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In Honor Of Planet Earth (In H.O.P.E.)

Himes: Spring cleaning, healthy edition

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This month’s column is dedicated to a dear friend.

She swears by bleach, uses it every day to clean and by her own admission is obsessive about a clean home. She also breathes like Darth Vader and you’d think she’s a chain-smoker. But she’s not; she’s a bleach addict! She suffers from asthma and allergies and refuses to believe they might be caused by those toxic containers and spray bottles under her kitchen sink.

We’ve all used them. They contain formaldehyde, alcohol, pesticides and a cocktail of other chemicals. They are deadly when ingested and slowly killing us when used properly. They are the common household cleaners we’ve inhaled and trusted for years.

I am on the campaign trail for more natural options. I don’t want germs, either, but I’m told that all of the “anti-bacterial/ disinfectant” products are killing the good germs as well as the bad, leaving us all more susceptible to disease than we were with regular soap. I do not recommend these “germ killing”’ products nor am I endorsing the ‘green cleaners’ with appealing labels and empty promises.

In America, manufacturers of household cleaners are not required to list ingredients on their label, so they don’t. What that means is these products probably are more harmful than you want to know. Or, they are “greenwashing” us to believe that because they have a few botanicals in them, they are safe, but that is not always the whole truth.

There are three consumer product guides to help you select the healthiest and safest alternatives: “Good Guide” (www.goodguide.com), which ranks 4,300 cleaners on a 1-10 scale; “Eco-Scale,” sponsored by Whole Foods, which uses a color- coded system (www.wholefoodsmarket. com); and “Guide to Healthy Cleaning” (www.ewg. org), which ranks 2,000 cleaners on an A-F basis.

The “greenest” way to clean is using the old-fashioned, triedand- true ingredients that nature provides us (and Grandma still uses). If you are a DIY type, it’s much more affordable to make your own cleaners. Here’s a shopping list of ingredients you’ll need: 1. Distilled water (tap water has salts and minerals that lead to spotting and build-up.) 2. Washing soda (sodium carbonate) 3. Borax (sodium carbonate) — a natural compound, laundry booster, fungicide/insecticide and all-around multi-purpose cleanser. 4. White distilled vinegar (acetic acid) 5. Liquid soap (sodium hydroxide) — choose from vegetable oil-based soaps such as olive oil or sweet almond.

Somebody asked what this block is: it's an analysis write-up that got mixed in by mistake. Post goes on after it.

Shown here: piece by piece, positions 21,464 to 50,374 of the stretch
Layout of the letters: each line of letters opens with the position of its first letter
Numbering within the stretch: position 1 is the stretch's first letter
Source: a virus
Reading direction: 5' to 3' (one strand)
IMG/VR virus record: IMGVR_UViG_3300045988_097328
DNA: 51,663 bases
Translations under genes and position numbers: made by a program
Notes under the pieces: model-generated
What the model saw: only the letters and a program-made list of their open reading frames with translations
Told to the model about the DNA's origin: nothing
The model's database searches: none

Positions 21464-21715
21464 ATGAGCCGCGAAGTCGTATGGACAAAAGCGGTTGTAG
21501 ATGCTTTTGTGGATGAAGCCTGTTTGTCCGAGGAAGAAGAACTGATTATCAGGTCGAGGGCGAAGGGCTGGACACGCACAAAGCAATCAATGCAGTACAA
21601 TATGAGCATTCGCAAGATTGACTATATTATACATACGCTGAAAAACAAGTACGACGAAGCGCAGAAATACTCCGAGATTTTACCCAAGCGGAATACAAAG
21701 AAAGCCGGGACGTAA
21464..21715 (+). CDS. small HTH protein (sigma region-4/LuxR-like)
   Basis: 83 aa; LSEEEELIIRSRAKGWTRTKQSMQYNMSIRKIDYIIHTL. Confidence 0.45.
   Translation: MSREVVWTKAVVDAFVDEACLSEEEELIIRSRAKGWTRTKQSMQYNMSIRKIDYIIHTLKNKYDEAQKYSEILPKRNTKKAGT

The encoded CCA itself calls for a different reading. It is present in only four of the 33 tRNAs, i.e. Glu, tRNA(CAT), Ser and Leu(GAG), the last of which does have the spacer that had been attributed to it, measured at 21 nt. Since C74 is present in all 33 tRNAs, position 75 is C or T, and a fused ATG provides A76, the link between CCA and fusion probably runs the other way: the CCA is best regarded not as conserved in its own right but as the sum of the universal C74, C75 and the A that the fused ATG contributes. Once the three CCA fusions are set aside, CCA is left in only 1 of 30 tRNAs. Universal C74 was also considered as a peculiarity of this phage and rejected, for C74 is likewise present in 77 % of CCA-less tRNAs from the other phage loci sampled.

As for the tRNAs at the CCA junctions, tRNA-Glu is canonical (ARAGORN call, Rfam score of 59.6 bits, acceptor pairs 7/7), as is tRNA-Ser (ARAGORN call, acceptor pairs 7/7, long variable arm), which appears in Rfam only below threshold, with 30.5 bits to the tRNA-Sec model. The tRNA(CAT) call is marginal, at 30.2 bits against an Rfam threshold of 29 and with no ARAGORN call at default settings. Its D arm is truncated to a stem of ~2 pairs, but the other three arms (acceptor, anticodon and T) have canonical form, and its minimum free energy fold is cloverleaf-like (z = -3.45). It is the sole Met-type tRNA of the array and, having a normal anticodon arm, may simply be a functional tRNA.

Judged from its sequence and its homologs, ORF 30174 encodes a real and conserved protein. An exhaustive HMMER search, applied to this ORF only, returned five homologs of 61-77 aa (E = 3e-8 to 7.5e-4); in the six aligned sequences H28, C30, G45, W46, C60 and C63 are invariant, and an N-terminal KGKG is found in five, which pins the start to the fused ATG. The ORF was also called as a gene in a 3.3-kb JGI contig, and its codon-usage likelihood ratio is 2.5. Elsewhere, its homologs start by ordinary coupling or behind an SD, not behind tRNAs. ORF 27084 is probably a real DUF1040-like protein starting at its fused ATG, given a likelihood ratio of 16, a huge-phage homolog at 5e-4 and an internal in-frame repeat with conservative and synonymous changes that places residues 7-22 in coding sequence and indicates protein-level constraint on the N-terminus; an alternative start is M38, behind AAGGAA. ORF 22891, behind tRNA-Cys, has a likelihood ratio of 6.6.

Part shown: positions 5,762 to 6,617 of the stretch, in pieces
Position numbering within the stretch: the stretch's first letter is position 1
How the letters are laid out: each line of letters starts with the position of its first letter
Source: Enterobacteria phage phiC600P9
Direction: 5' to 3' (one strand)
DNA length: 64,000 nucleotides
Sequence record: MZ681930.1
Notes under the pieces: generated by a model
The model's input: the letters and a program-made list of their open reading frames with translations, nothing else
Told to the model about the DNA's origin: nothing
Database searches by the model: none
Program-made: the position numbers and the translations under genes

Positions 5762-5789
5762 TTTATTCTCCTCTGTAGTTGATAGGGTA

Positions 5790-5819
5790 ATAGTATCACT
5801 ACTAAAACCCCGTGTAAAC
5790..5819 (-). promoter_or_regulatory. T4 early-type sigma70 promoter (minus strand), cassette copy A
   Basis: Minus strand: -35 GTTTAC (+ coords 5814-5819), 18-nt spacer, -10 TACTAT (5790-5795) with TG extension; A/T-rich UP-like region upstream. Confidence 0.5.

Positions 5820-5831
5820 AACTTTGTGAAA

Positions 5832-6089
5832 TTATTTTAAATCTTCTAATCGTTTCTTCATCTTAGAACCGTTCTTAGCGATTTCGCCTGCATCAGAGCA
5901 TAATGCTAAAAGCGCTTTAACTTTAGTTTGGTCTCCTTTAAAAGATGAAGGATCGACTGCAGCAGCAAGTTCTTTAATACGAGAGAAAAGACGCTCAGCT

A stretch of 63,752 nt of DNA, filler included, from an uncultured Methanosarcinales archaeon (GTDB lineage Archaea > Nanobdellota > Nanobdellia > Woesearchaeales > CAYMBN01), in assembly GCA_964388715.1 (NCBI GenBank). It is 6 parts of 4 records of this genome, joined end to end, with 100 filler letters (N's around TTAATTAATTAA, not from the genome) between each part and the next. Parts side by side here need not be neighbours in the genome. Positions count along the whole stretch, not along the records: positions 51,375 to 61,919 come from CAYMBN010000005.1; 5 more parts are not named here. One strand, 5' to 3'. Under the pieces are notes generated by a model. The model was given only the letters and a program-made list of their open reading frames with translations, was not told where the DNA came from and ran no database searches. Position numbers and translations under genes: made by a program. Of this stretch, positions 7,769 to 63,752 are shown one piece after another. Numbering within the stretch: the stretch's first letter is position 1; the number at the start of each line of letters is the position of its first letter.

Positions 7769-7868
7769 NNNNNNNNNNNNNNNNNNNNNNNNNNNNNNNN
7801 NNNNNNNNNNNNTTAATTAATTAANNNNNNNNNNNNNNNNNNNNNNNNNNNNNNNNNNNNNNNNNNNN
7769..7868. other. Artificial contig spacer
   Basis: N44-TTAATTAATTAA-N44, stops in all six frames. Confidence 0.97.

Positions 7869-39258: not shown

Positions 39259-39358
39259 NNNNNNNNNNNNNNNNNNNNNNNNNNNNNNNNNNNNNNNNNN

6. Essential oils. These are extracted from plants and add pleasant aromas to your home but also provide potent antimicrobial effects. Here are a few favorites: tea tree and eucalyptus for air and surface sanitizers, lemon for a clean, sweet and deodorizing effect, or peppermint for a minty fresh air purifier and mild pest repellent.

You will also need a few spray bottles, natural bristle scrubbing brushes, a cotton dusting cloth and Hemp or Jute fiber scrubbing cloth.

Follow these recipes:

  » Spray cleaner — 2 cups water, ½ tsp. sodium borate, ¼ tsp liquid soap and 36 drops of essential oil.

  » Window cleaner — 2 cups water, 3 tbsp vinegar, ¼ tsp liquid soap and 36 drops essential oil.

  » Furniture polish— 3 tbsp vinegar, ½ tsp jojoba oil, 10 drops lemon essential oil

  » Gentle scouring cream— ½ cup baking soda, liquid soap, 18 drops essential oil (add oil to baking soda and blend, then add liquid soap a few drops at a time until creamy paste forms).

  » Carpet deodorizing powder— 1 cup baking soda, 18 drops essential oil.

  » Carpet cleaner— 1 cup baking soda, 1 tsp liquid soap, 18 drops essential oil.

With a little elbow grease and some natural ingredients, anything is possible. Even Darth Vader can be silenced! Happy breathing.

Tracy Himes is a local speaker on environmental topics and operates TracyHimes.com and ThinkOutsideTheBin.com.

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